The Violence of Love

Let me pass on a book recommendation. I've been reading a lot lately about Oscar Romero. And one of the best introductions to his theology is the edited book by James Brockman entitled The Violence of Love. In the book Brockman gives us short selections of Romero's sermons and writings during the three year period when he transformed himself from defender of the status quo to prophet and martyr. The title of the book comes from a quote of Romero's from November 27, 1977:

We have never preached violence,
except the violence of love,
which left Christ nailed to a cross,
the violence that we must each do to ourselves
to overcome our selfishness
and such cruel inequalities among us.
The violence we preach is not the violence of the sword,
the violence of hatred.
It is the violence of love,
of brotherhood,
the violence that wills to beat weapons
into sickles for work.
Most of the book consists of short quotations from Romero which are rendered like free verse (as illustrated above). I think this was Brockman's editorial hand at work. Regardless, it's wonderful. The Violence of Love reads like theological poetry.

If you want to be introduced to Romero's life you might want to start with the movie Romero, which, I discovered, has been uploaded to Youtube in eleven 10-minute segments. You can start watching the movie here.

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8 thoughts on “The Violence of Love”

  1. Thank you a lot for you recommandation, it seems to be the right book to read, to improve you faith, to relax your soul and mind.

  2. i wonder if there is a way men and women are socialized to hear and read language re: violence. while Romero chose that specific language to capture (even that word reflects violence) his personal expereince is there a way to learn from and about him without using the same language he uses? i.e., is it neccessary to collapse terminology and expereince to share the meaning?

  3. Loved that book and film.  Have used it for many years in teaching.   I wonder at my church - who will canonize a pope who silenced women and is still uncomfortable with Romero.  We are rapidly losing memory of him while we prop up an institution that must fall in order to rise.  Romero understood that sort of "violence' very well.   I've probably bought and given away 10 copies of the book over the years.  The film is one that becomes more painful with every watching.  Terrific choice today.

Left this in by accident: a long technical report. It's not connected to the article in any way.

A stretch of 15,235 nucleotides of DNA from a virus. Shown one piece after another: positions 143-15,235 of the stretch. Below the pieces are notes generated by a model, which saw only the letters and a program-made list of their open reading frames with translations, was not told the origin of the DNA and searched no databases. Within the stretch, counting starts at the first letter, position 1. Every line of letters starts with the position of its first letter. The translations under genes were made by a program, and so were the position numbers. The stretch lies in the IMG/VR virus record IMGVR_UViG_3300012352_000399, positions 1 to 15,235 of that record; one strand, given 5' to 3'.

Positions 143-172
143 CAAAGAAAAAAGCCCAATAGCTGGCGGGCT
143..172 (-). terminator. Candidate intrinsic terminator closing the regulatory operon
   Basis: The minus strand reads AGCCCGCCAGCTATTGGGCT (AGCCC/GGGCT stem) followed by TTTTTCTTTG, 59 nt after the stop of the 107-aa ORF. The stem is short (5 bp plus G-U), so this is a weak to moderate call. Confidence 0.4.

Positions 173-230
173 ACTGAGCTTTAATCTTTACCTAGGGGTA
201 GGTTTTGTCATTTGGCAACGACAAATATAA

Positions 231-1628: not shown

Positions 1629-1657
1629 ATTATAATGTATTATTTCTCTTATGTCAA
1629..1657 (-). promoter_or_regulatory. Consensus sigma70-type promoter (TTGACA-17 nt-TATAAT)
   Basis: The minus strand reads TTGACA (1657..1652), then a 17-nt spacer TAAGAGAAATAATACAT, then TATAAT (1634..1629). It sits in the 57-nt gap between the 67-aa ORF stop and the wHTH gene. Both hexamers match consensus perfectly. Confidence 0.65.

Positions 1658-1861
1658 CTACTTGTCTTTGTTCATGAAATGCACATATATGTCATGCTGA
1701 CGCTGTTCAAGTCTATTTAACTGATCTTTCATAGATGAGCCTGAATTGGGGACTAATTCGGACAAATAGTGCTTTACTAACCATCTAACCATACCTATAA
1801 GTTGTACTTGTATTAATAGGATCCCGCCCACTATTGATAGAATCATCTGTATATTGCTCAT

4. To put flesh on the words, see these lovely photos of Romero at home in El Salvador, with friends, in snapshots taken before his death  and recently discovered.

  5. Viva Romero.  Viva Chaves (despite Synanon)!  

    Violence of love.  Violence against the option for the poor.  Three strikes, you’re out.   The experimental theology of violent racism.

    It’s the California three-strikes law v. progressive theology in the holy-white Crystal Cathedral!   —is North American white theology in the Apocalypse Now of mode of economic bankruptcies?  ... with, “All the children are insane”?   (yeah, I’m in a bad mood, for North American manipulated brown theology, sorry).

    Who is funding the violence of love, now?  – here?

    Why is North American theology violently loving itself by trying to avoid bankruptcy on the backs of North American browns?  

    Richard, trying to save your blog here from my blow-out.  If linking violates your etiquette, please delete.

    @ “Borderline Racism on the 4th of July.”

    Experimentally Cheers (but really bummed out),


  6. The book you mention is available for free in various forms from Plough is the publishing effort of the Bruderhof. One can get this book, and many, many others through their website. Here is the link to Romero's book:

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